and to be happy with Him for ever in heaven.
Those most seasoned members of our parish communities – and perhaps some of our young adults too – will recognize this question and its answer as one of the first teachings from the Baltimore Catechism.
The significance of this question’s placement in that Catechism, first published in 1885, arises not merely from the natural origins of the human person, but rather from our last and supernatural end, Heaven, eternal life with God, to which we are challenged to live for already today, to pray, to hope and to love.
By our Baptism, you and I have become a new creation, we have been raised “from all the squalor of the life of old … through water and the Holy Spirit” and into the life of God, the Father and the Son and the Holy Spirit; we have become members of Christ’s living and mystical body, the Church.
At Holy Mass this weekend, we hear from the beginning chapters of the Gospel according to Saint Luke and of what our Blessed Lord first teaches both the twelve and the great crowd assembled before Him
Even before Our Lord is transfigured before Peter, John and James; even before Our Lord teaches his disciples how to pray to the Father; even before the institution of the Eucharist on the night of His Last Supper, Our Lord begins at the end, and offers to us those familiar and stirring words of Beatitude.
“Blessed are you who are poor, for the kingdom of God is yours. Blessed are you who are now hungry, for you will be satisfied.” (Luke 6:21).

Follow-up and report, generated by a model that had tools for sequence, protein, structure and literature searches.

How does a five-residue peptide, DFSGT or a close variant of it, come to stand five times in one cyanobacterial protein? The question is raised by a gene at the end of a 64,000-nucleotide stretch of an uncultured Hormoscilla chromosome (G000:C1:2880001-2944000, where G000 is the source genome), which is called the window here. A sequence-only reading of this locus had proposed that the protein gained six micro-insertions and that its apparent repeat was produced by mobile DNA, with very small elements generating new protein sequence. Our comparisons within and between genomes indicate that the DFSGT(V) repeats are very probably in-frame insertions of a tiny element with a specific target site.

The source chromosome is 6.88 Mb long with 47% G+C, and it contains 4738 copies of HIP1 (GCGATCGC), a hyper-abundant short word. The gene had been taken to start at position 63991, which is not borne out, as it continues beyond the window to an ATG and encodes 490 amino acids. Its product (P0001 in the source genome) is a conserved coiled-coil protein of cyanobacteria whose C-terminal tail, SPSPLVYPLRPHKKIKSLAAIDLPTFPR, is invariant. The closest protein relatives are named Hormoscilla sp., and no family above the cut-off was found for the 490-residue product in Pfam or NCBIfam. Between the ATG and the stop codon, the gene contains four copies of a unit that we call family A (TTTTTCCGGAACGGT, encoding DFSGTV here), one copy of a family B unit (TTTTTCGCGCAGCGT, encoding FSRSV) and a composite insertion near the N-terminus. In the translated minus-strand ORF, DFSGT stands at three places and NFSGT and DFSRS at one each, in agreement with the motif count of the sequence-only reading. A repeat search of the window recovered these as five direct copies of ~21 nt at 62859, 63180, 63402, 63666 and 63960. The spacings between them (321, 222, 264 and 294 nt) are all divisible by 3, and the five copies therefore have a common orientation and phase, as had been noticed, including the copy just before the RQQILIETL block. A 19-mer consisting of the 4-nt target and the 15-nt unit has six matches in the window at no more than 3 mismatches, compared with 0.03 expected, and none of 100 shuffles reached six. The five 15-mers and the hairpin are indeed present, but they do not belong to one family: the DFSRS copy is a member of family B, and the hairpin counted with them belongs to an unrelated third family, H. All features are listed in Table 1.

Because our Lord begins at the end, which is not merely natural, but supernatural, He invites us to live today already out of and toward that same end, an end which isn’t dependent on the natural alone, but Heaven, eternal life with God, a promise that is ours, we who are God’s adopted daughters and sons.
See you at Mass!
February 6 – Fifth Sunday in Ordinary Time
Once more in this Sunday’s Gospel reading we hear Jesus say: “Do Not Be Afraid.”
Fear is a crazy thing. Usually based on what we think is really happening and sure about what will happen, we act as if the worst will unfold. Sad to say, we are a “half-empty glass” sort of folk.
But being followers of Jesus, we are called to live in the present as if we know what is coming. And the truth is we do know—Jesus is in control and knows exactly what needs to happen to make things right. We are called to just say with the prophet Isaiah: “ Here I am.”
As a young associate (close to the age of both our beloved associates!), I had to chaperone a youth group visit to Great America. We were getting ready to leave and two of our youth were nowhere to be found. I finally saw them on the American Eagle rollercoaster. As I waited for them at the exit, they came forth. One proclaimed that the ride was the most frightening and worst possible experience, and the other said “yes, can we go again!”
So, dear friends, enjoy the ride on the rollercoaster. Whether we like it or not, we will continue to go on it. You are not alone. Jesus is with us, again and again! And so are we, who love Jesus and trust him. He always works thing out!
Sincerely, with love,
Fr. Tim, Your Pastor